Obi Wan Kenobi Goes to War
Already an establish actor on the British stage, in 1941, Alec Guinness (1914-2000), was accepted as an officer candidate in the Royal Naval Volunteer Reserve. By his own account, Guinness says this was apparently solely on the basis of the fact that he could swim, since otherwise the interviewing petty officer made repeated “little disparaging shakes of the head” to virtually every answer he gave during his pre-induction interview. During his physical, however, the examining officer was greatly impressed with Guinness’ ability to expand his chest by four inches, the result of years of voice training.
As did all officer candidates, Guinness – who served using his full name, Alec Guinness Cuffe – was initially enrolled as an ordinary seaman in HMS Raleigh, a shore-side basic training establishment near Plymouth, and then proceeded to other bases for more advanced training, at each step going through additional screenings, in which he was helped by the advice from a fellow actor who was already an officer, “just act the part.”
After more schooling, and some practical experience, Guinness was commissioned a temporary sub-lieutenant in 1942, by which time he was training as a landing craft commander. Completing the course, Guinness was assigned to command an LCI(L) – landing craft, infantry (large). As his vessel was actually under construction in Boston, he sailed for America aboard the Queen Mary. Arriving in the U.S., Guinness was not displeased to learn that HMS LCI(L)-124 would not be ready for some time. Pulling in a few favors, he was able to secure a role in the American premier of the play Flare Path, which opened at the Henry Miller Theatre on Broadway on December 23, 1942.
In Flare Path, about the lives of R.A.F. officers and their wives and sweethearts, Guinness played a young flight lieutenant. The New York Times review called the play “slow and sentimental,” but observed that this impression might be due to the fact that the reviewer – like most Americans – had never been bombed. The reviewer went on to say that Guinness, in his American debut, brought “nervous energy and bounce to the part,” but was not always convincing. Essentially a puff piece written with the support of Bomber Command, the play closed in early January, after only 14 performances.
Guinness was shortly at sea in command of LCI(L)-124, and was promoted to temporary lieutenant in April of 1943. He first saw action during the landings in Sicily (July 9, 1943), in the course of which LCI(L)-124 was fouled by another vessel and remained stuck on the beach for more than a week. Guinness and his crew – all 17 of them – later supported Allied operations in Italy, helped land the French on Elba (June 17, 1944), and then ran supplies to the Yugoslav Partisans until the vessel was wrecked in a storm off the Italian port of Termoli in early 1945. Guinness held various assignments thereafter until he was released from the service shortly after the end of the war.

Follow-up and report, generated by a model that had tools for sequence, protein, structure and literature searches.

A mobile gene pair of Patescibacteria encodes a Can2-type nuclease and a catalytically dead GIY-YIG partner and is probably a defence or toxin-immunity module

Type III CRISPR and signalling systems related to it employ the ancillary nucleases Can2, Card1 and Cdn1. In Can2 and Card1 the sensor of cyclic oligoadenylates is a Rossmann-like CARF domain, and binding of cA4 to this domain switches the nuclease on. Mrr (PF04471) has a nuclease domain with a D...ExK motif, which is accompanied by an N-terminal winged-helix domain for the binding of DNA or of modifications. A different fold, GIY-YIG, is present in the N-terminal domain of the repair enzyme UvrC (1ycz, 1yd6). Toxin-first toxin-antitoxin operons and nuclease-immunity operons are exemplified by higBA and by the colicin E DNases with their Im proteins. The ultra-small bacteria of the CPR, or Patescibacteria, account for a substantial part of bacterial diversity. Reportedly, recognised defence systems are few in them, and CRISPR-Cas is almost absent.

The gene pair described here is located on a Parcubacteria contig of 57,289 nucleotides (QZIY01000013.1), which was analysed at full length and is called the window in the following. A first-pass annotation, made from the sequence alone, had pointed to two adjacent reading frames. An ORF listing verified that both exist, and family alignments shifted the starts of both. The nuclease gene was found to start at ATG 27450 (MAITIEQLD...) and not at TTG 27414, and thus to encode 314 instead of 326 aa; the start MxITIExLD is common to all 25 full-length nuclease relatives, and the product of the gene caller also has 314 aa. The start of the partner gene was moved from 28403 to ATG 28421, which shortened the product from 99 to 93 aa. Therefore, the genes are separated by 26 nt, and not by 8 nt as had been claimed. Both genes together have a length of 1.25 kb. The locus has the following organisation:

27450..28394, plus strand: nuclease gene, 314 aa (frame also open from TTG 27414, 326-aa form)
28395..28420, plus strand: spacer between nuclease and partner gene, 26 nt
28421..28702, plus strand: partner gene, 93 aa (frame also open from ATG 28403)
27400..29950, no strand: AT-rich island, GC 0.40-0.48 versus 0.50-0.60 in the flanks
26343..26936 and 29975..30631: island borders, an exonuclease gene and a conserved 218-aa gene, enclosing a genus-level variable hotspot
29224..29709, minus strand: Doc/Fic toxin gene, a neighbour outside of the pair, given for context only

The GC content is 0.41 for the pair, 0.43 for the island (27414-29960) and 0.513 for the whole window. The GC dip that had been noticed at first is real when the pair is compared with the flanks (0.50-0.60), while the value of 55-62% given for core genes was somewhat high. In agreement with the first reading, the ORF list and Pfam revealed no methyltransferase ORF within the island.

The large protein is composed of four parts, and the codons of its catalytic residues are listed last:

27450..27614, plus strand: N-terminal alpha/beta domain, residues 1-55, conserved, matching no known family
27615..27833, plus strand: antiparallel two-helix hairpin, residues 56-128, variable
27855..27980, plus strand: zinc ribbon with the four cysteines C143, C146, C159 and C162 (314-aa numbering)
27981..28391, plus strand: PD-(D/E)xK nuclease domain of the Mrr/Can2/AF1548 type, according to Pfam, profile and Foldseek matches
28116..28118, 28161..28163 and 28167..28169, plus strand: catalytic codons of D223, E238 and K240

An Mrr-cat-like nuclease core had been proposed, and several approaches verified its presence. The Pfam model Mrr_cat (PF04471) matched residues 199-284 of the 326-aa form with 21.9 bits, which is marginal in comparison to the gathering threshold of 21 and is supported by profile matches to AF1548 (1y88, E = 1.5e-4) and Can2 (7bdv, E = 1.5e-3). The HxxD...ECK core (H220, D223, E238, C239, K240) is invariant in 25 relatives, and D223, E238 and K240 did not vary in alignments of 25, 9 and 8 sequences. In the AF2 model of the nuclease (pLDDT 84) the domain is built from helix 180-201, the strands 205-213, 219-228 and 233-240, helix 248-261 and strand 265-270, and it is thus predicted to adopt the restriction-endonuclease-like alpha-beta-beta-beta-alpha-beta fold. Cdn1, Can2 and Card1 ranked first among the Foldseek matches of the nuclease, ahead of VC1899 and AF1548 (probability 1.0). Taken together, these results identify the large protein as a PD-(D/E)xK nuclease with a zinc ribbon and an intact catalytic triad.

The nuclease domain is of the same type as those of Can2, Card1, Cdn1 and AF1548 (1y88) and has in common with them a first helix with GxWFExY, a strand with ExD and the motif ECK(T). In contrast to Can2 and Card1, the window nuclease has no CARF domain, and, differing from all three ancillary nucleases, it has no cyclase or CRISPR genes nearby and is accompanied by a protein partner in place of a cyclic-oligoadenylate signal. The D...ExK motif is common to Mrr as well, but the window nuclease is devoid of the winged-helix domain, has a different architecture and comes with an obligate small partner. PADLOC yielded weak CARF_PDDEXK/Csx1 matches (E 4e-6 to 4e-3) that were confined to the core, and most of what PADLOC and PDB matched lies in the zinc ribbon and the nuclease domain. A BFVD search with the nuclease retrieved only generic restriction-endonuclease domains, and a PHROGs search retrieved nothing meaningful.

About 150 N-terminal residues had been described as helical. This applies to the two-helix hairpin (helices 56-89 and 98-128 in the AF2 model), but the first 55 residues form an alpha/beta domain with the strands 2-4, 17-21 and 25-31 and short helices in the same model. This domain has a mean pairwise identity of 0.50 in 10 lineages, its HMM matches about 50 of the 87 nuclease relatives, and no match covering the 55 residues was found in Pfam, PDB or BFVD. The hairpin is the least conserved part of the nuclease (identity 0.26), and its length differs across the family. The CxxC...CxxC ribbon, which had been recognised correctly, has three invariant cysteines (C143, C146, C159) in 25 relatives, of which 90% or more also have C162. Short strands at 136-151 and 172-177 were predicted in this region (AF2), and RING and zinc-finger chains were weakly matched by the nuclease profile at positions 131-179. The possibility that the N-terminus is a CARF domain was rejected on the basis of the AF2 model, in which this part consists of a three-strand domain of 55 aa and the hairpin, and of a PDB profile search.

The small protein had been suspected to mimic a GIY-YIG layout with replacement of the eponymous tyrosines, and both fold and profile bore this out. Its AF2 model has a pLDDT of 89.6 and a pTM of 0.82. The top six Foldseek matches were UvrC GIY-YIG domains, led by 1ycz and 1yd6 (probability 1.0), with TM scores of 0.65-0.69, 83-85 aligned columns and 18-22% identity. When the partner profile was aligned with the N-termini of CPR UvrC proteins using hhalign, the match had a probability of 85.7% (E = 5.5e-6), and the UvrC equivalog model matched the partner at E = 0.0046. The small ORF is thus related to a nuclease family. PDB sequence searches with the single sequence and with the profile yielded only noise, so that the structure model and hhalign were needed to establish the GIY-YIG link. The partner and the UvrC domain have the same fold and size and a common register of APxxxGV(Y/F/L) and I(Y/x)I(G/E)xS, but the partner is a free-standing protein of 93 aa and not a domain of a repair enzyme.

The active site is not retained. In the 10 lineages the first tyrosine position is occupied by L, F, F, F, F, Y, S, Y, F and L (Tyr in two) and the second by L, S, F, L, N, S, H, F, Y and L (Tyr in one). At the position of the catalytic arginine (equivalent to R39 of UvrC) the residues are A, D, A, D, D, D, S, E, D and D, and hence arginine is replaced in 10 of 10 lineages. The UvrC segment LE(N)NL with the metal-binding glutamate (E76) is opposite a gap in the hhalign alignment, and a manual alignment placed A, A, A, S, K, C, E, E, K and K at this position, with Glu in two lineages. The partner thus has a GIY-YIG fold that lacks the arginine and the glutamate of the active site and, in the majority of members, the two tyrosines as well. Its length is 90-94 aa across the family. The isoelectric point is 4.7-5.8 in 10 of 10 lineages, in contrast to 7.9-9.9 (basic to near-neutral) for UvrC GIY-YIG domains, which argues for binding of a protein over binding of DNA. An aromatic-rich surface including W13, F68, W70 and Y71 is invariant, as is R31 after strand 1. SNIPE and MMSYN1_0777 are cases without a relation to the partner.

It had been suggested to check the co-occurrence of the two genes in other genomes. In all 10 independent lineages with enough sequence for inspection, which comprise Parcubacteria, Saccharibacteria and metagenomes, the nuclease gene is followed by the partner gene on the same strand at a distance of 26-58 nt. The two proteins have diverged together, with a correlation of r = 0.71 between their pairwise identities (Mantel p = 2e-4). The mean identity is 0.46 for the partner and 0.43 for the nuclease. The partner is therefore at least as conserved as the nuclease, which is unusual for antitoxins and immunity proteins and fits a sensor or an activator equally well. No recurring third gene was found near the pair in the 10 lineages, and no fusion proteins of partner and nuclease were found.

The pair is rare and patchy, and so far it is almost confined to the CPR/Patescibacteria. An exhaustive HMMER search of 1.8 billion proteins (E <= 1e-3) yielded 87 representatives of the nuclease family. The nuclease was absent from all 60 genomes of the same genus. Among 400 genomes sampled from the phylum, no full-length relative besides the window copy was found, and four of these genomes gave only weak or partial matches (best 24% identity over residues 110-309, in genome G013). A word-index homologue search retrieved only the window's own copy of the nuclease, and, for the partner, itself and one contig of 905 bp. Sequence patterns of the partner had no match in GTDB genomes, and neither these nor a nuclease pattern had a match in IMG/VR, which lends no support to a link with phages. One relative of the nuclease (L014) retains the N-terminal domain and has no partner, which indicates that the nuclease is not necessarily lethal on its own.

Guinness later claimed that his training as an actor helped him be a better officer, since so much of what an officer does is acting. And apparently his experiences as an officer helped him become a better actor, for he admitted to modelling officers that he was asked to play in the course of his acting career on men whom he had known while in the service.
The Looter’s Benefactor
On June 28, 1812, just days after launching his invasion of Russia, Napoleon captured Vilna. While in the city, one of his soldiers chanced to pick up a little loot, in the form of a nice little cache of gold coins. Fearing to take them with him on campaign, the man concealed them in a small village near the town, figuring to pick them up when the war was over.
Over the next weeks and months the soldier had a hard war, marching and fighting all the way to Moscow, and then taking part in the terrible retreat that caused the Grand Armée to come to pieces. By good fortune he was taken prisoner by the Russians. He was not released until a dozen years later.
Making his way west, the soldier, remembered his gold stash and upon reaching Vilna, sought it out. Digging up the small tin box in which he had deposited the coins, he found, upon opening it, not his money, but a letter.
The letter informed him that he had been seen hiding the money, and that the observer had taken it, and would deposit it with a certain bank in Nancy. All the soldier had to do was present the letter to the bank and he would receive his money, with interest.
Although he believed that he had been “robbed,” upon reaching France, the soldier nevertheless inquired at the bank in Nancy. Lo! there was his money, plus 12 years’ interest. Although he made inquiries as to who had deposited the money, neither the bank nor anyone else would provide any information. With this money, the man was able to set himself up in business, becoming quite prosperous, while marrying and raising a family.
FootNote: An old Italian saying, “Si non e vero, e buon trovato – If it’s not true, it’s well told,” would seem to apply to this tale, which turned up in several European newspapers and magazines in the late 1820s. Assuming – and that’s a big “assuming” – it’s true, it would seem likely that the soldier’s unknown benefactor would have had to have been a rather senior officer. After all, anyone else would merely have pocketed the money, and while some of Napoleon’s generals were notorious looters, for most the sum involved would have been trifling. And only a general, or perhaps even a marshal, would have had the connections to be able to put the money on deposit in France. So if the story is true, which general was it?